Microsurgery: Transplantation and Replantation by Harry J. Buncke, MD, et al.
  Table of Contents / Chapter 27:
Autogenous Jejunal Transplantation
  The free jejunal graft can be used to reconstruct both non-circumferential defects and circumferential defects to restore continuity of the upper GI tract.31 Once isolated as a free graft, the antimesenteric border of the free jejunal graft can be incised to create an island flap capable of closing noncircumferential defects of the head and neck. The addition of a transverse incision across the bowel can permit creation of a double island, which can be folded back on itself to obtain a double layer of closure and permit coverage of a larger surface area as well as mucosal lining and external coverage. The free jejunal graft can also be used as a complete intestinal conduit for reconstruction of circumferential defects and is particularly useful after the following five operative situations:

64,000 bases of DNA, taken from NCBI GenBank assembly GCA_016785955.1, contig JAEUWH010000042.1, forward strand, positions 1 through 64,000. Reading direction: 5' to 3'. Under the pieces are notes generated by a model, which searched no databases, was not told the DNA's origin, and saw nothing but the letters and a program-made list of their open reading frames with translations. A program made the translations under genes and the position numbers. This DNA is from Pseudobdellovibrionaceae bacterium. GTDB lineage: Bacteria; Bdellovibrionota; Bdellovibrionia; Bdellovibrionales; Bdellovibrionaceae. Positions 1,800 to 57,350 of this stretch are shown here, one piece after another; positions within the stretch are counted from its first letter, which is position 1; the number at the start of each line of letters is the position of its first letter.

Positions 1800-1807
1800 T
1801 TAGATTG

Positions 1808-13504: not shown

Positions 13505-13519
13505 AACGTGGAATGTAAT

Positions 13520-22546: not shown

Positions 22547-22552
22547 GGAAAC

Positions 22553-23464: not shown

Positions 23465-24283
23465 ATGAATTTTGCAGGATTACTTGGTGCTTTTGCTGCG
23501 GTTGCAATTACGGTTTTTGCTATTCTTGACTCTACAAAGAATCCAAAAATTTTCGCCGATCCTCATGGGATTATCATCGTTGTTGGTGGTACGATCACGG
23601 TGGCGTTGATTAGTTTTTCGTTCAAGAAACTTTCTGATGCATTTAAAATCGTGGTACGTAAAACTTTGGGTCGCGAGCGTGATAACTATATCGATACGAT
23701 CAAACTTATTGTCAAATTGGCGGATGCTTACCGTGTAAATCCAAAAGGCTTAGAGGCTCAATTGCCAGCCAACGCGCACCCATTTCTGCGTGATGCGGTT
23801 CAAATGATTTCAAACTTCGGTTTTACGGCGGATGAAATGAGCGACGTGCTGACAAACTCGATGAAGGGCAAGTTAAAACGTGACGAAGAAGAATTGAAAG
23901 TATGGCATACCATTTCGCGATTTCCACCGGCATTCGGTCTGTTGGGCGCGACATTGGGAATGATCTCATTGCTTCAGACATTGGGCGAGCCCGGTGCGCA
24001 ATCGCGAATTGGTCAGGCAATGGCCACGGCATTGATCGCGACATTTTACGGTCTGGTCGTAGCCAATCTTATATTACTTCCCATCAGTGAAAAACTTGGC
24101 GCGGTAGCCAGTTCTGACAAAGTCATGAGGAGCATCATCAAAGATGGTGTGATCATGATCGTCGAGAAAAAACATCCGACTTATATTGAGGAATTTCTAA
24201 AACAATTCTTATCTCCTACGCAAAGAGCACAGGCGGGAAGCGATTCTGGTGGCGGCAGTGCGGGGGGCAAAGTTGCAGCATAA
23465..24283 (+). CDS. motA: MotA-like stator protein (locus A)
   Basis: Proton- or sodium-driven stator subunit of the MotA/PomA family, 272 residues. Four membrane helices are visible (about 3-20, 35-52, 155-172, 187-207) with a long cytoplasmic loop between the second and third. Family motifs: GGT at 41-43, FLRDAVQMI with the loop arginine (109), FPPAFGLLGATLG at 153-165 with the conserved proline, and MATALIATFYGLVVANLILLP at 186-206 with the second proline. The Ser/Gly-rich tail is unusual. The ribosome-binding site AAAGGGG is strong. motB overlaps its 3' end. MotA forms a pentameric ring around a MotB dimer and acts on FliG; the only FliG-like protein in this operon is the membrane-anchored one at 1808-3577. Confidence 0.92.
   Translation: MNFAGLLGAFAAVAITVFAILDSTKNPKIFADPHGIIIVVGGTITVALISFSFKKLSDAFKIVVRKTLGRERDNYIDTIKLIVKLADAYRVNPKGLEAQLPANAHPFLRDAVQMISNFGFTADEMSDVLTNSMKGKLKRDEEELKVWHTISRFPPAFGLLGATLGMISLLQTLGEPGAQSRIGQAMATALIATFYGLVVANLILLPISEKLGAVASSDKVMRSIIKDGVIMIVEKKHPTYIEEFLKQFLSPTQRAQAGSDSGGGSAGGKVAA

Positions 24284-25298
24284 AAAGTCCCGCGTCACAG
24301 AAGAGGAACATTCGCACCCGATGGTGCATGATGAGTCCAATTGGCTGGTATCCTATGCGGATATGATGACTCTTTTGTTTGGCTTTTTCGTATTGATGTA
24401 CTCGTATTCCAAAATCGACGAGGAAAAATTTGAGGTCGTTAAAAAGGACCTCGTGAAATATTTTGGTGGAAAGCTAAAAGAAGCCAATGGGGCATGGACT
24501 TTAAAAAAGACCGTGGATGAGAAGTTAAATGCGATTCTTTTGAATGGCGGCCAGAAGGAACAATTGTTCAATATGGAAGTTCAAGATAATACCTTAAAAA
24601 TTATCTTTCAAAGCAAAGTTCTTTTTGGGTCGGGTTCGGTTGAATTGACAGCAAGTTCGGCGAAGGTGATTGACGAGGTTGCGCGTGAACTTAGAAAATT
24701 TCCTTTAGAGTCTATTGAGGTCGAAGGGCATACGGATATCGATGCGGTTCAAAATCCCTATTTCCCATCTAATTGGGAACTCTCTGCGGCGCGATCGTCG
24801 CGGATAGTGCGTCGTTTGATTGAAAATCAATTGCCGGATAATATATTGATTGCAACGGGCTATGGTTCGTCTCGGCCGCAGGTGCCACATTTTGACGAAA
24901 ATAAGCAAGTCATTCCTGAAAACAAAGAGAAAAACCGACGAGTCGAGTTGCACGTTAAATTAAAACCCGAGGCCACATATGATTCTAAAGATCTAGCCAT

1. Glossolaryngectomy and partial esophagectomy 2. Laryngectomy and partial esophagectomy 3. Pharyngectomy for a second primary cancer following previous laryngeal surgery 4. Following pharyngectomy for benign stricture or after irradiation of the larynx 5. Following esophagectomy and pharyngectomy, particularly after the failure of local measures, skin grafting, and regional chest flaps.

Microsurgical transfer of a free jejunal graft may become the treatment of choice after the failure of gastric pull-up, reverse gastric tube, or transposition of the colon.

  Advantages and Disadvantages

The advantages of the free jejunal graft are as follows:

1. It is a single-stage procedure.

2. Surgery can be performed simultaneously by two teams with ablation of the laryngeal or pharyngeal tumor while the microsurgical team is harvesting the jejunal graft from the abdomen.

3. The free jejunal flap restores the most physiologic conduit for the upper GI tract by allowing mucosa-to-mucosa closure, secretory lubrication of the conduit, and limited interference with the normal anatomy of the digestive tract. 32

4. The free jejunal graft permits wide extirpation of the primary tumor with adequate margin and eliminates the problems of insufficient length of the substituted segment.

Up to 25 cm of jejunum can be transferred on a single arcade of mesenteric vessels. 33

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